With a possible change of leadership for the House of Representatives would likely come a change of positions for some Colorado congress members.
If Republicans take control of the chamber next congress, as is largely expected, a couple of Colorado Republicans could be picking up subcommittee gavels, while Democratic members will give up their seats as chair to become, in some cases, ranking members.
While he’s not measuring any drapes, GOP Rep. Doug Lamborn said he would seek the chairmanship of the Strategic Forces subcommittee of the House Armed Services committee. He was named the ranking member of that committee in January.
The delegation’s longest serving Republican, Lamborn, who also currently sits on the House Natural Resources committee, said the committee handles issues that are important for Colorado, and the whole country.
“It deals with issues that are really strategic and vital to our national defense,” Lamborn said, pointing to space systems, missile defense, and hypersonics, as some examples. “Those are all things that… have a strong Colorado presence, but they’re also vital for our national defense.”
GOP Rep. Ken Buck said much “depends on how big of a majority [Republicans] have and it depends on where the priorities are.” Buck is currently the ranking member of the Antitrust, Commercial, and Administrative Law subcommittee on the House Judiciary committee, where he’s worked with a bipartisan group to tackle the growing power of Big Tech.
“Certainly I would enjoy continuing to work on anti-trust issues,” Buck said. He added he’d try to keep encouraging his fellow Republicans to see anti-trust as a tool to deal with the largest tech companies.
Buck also has seniority on Judiciary’s Immigration and Citizenship Subcommittee. His other committee is the House Foreign Affairs committee.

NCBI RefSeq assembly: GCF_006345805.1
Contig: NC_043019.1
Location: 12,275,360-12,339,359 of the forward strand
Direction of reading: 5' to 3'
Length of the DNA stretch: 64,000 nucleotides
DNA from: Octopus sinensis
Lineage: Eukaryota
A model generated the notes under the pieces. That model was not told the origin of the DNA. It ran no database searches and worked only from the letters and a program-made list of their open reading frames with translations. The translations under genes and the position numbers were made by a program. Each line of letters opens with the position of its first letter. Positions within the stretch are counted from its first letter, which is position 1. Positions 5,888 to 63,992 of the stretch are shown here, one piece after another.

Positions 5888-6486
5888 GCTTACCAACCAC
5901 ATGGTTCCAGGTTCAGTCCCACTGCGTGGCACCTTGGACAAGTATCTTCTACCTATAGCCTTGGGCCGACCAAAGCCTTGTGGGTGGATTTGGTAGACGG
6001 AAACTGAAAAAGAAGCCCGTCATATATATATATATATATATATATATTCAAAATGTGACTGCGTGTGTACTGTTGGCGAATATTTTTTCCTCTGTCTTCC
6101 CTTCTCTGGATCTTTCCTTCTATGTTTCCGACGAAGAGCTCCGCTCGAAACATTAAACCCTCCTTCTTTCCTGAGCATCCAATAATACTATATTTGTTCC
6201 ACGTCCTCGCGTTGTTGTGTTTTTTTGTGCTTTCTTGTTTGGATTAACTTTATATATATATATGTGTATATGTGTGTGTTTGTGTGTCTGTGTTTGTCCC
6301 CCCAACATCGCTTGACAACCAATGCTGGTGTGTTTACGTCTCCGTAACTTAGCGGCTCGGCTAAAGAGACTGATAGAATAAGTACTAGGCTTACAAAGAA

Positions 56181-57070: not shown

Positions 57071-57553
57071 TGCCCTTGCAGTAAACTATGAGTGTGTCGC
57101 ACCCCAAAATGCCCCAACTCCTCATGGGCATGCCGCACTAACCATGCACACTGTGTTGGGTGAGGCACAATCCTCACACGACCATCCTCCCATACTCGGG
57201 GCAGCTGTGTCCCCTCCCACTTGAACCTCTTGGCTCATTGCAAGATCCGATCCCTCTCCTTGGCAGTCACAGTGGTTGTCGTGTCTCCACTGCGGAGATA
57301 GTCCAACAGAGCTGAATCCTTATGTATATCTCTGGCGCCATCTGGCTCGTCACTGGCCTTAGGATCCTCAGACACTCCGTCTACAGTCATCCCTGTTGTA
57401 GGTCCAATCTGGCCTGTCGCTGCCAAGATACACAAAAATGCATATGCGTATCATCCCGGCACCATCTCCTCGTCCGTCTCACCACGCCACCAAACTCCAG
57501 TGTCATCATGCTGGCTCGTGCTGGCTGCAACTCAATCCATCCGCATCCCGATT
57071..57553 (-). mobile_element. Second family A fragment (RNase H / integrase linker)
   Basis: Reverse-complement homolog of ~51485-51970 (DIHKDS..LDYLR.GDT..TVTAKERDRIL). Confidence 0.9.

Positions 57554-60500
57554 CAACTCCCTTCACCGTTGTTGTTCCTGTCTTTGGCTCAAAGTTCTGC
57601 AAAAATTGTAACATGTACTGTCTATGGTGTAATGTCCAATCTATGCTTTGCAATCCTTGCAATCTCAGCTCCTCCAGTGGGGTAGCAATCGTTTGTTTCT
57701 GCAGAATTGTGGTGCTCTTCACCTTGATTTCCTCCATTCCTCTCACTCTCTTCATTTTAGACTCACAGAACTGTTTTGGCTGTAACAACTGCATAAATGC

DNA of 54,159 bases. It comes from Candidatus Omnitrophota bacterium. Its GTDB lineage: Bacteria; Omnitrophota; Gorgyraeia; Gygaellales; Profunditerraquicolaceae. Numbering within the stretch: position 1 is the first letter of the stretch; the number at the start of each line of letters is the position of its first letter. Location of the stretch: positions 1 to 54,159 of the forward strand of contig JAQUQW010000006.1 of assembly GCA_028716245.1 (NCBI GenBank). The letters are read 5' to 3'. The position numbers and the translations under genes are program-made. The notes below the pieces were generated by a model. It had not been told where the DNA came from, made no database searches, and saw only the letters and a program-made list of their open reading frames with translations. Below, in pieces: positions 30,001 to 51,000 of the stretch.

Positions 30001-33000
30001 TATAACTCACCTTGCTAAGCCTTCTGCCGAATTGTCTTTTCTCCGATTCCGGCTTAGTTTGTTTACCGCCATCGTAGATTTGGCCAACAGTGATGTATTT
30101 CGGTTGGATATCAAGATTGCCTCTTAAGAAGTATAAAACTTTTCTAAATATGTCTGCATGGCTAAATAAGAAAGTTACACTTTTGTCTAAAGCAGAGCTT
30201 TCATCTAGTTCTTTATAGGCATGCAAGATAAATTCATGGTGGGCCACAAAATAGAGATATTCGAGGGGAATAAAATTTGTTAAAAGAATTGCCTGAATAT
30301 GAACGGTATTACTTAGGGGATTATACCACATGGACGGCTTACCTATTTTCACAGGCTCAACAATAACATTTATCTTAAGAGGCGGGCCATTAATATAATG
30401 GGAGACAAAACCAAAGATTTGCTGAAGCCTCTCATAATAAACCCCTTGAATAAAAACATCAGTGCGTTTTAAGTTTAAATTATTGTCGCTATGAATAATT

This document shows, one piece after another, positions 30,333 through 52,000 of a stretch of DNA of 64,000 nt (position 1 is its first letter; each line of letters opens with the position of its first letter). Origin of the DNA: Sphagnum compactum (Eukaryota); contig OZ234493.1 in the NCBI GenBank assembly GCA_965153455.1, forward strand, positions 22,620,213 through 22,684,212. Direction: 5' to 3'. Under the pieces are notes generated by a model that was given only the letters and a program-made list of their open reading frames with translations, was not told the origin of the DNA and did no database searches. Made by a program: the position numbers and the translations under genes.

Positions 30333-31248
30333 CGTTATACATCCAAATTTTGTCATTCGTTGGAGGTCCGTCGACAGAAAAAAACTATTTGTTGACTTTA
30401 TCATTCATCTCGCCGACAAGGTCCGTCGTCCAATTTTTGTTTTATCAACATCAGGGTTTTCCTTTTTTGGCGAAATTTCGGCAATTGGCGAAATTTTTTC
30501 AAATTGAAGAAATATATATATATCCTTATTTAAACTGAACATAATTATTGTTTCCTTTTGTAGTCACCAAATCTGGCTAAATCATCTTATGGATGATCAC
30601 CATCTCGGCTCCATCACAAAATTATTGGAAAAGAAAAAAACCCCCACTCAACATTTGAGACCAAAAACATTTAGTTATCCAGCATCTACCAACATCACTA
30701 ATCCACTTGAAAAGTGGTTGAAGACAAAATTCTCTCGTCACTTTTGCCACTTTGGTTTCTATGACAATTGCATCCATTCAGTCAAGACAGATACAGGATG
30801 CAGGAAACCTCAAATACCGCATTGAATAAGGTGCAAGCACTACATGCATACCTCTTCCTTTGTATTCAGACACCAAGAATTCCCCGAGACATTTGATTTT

The ranking member usually has the inside track to chair when control of the House flips. But both parties have their own process for selecting leaders within committees.
Democrats and Republicans each have standing committees that nominate members for committees and chair assignments, which are then voted on by the full caucus. When it comes to subcommittee chairs, Democrats usually bid, in order of seniority, and it then has to be approved by the committee caucus. Republicans usually let the committee chair determine the procedure for subcommittee chair selection.
As for freshman GOP Rep. Lauren Boebert, who sits on the House Natural Resources and Budget committees and has the highest national profile in the delegation, she said she’s not planning on running for any leadership positions. She noted she’s communications chair of the Freedom Caucus “and that’s the caucus that matters the most to me.”
Instead of looking at who is or isn’t jockeying for positions, Boebert said the media should be “more interested on inflation, the southern border, jobs, getting control back of our country, rather than meaningless leadership positions here in Washington, D.C.”
Still, subcommittee leaderships can be important perches for oversight and moving bills.
Democratic Rep. Diana DeGette, as chair of the oversight and investigations subcommittee on Energy and Commerce, has held hearings on everything from the price of oil to the handling of the COVID-19 pandemic. Rep. Joe Neguse, chair of the House Natural Resources Committee’s subcommittee on National Parks, Forests and Public lands, was able to move lots of legislation through. Meanwhile, his fellow second term Congressman Jason Crow is chair of the Small Business Committee’s subcommittee on Innovation, Entrepreneurship and Workforce Development.
If control of the chamber moves to Republicans, all three will be handing over those positions to members of the other party.
Regardless of party affiliation, Colorado will get two additional freshman lawmakers next Congress to throw into the committee mix — the representative from CO-7, who will replace retiring Democrat Ed Perlmutter and the representative from the new CO-8. While some first term lawmakers are named ranking members, it would be unusual for one to be appointed to a subcommittee chair spot.
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